The question is: Does the company know that?
The Atlanta-based company seemingly forgot when it sent out an email to loyalty program members this week gearing up for the made-up holiday held on Nov. 3, according to USA Today.
"Calling all sandwich lovers," the email reads in part. "Some prefer it grilled, others fancy the original. No matter which Chick-fil-A sandwich you love, order yours on Nov. 3 for National Sandwich Day."
Problem is, Nov. 3 is a Sunday, the one day each week that Chick-fil-A restaurants are closed.
Days later, the chain followed up with an email poking fun at itself in owning up to the mishap, the outlet reported.
The subject of the email: "Well ... this is awkward."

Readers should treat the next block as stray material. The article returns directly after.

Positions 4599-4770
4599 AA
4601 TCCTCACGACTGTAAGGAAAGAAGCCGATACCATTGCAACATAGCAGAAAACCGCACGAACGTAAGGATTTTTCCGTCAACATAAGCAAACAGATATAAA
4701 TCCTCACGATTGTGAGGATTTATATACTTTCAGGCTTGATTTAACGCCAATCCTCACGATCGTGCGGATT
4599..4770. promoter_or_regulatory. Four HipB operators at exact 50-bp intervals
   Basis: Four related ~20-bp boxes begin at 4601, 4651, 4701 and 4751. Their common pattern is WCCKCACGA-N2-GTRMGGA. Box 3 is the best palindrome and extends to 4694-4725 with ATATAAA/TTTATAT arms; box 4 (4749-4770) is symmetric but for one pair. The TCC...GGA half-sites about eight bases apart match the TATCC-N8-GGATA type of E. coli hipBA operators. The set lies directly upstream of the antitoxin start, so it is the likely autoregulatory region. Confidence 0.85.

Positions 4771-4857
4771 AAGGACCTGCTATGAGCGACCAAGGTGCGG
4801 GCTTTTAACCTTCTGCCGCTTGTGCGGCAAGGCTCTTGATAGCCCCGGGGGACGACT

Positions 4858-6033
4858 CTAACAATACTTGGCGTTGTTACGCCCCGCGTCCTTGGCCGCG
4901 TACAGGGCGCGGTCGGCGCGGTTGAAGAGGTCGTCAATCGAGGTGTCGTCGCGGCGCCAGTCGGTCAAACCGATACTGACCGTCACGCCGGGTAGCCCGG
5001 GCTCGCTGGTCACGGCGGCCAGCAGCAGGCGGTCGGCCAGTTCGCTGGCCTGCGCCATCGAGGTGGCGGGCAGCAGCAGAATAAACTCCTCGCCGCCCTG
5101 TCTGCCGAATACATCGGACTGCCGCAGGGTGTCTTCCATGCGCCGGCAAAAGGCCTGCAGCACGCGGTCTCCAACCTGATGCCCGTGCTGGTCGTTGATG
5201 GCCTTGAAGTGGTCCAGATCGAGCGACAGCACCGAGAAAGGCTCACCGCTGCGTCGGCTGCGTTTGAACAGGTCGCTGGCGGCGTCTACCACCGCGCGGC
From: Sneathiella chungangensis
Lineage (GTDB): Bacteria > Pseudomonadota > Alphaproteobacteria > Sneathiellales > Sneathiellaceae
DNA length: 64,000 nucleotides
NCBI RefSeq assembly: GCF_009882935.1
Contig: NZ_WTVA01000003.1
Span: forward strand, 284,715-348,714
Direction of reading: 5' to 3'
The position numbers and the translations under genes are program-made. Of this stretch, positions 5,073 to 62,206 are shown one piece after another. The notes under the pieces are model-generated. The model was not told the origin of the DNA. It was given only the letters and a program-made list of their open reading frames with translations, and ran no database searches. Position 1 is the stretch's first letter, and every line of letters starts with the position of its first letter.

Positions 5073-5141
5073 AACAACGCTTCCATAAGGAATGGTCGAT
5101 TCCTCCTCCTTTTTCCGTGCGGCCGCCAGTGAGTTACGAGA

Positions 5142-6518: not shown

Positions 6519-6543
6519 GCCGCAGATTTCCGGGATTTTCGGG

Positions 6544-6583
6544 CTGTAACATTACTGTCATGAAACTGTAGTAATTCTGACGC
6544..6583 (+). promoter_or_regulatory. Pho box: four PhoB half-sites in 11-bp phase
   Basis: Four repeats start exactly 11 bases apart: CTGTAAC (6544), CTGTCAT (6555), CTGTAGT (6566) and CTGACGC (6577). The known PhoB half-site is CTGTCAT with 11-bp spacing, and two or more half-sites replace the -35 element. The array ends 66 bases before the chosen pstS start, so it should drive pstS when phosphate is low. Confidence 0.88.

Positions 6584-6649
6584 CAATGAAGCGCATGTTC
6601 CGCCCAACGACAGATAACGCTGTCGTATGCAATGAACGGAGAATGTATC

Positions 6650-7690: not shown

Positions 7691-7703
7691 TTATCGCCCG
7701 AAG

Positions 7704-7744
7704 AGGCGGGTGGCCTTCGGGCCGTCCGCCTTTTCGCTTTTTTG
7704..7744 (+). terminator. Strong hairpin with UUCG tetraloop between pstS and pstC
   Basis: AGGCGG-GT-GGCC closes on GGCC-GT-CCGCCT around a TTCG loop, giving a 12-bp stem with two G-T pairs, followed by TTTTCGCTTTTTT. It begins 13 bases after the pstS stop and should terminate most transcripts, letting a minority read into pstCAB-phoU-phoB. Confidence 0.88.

"We recently sent an email that included a message about National Sandwich Day, which naturally we were very excited about," the email read in part. "We didn’t realize it falls on Sunday, when we are closed. We apologize for the confusion and hope to see you soon (Monday-Saturday)."
Chick-fil-A did not immediately respond to FOX Business' request for comment.
In 1946, founder Truett Cathy made the decision to close the chain on Sundays so that "he and his employees could set aside one day to rest and worship if they choose" -- a practice which is still maintained today.
Chick-fil-A's e-mail gaffe comes around the same time that rival Popeyes reminded fans that its highly-regarded chicken sandwich, unavailable for months, is "officially BACK nationwide on Sunday, Nov. 3."
The chain sold out of the sandwiches about two weeks after launching them in August, an addition that rattled the hierarchy of the existing market and left even more people beefing over chicken on social media.
The Associated Press contributed to this report.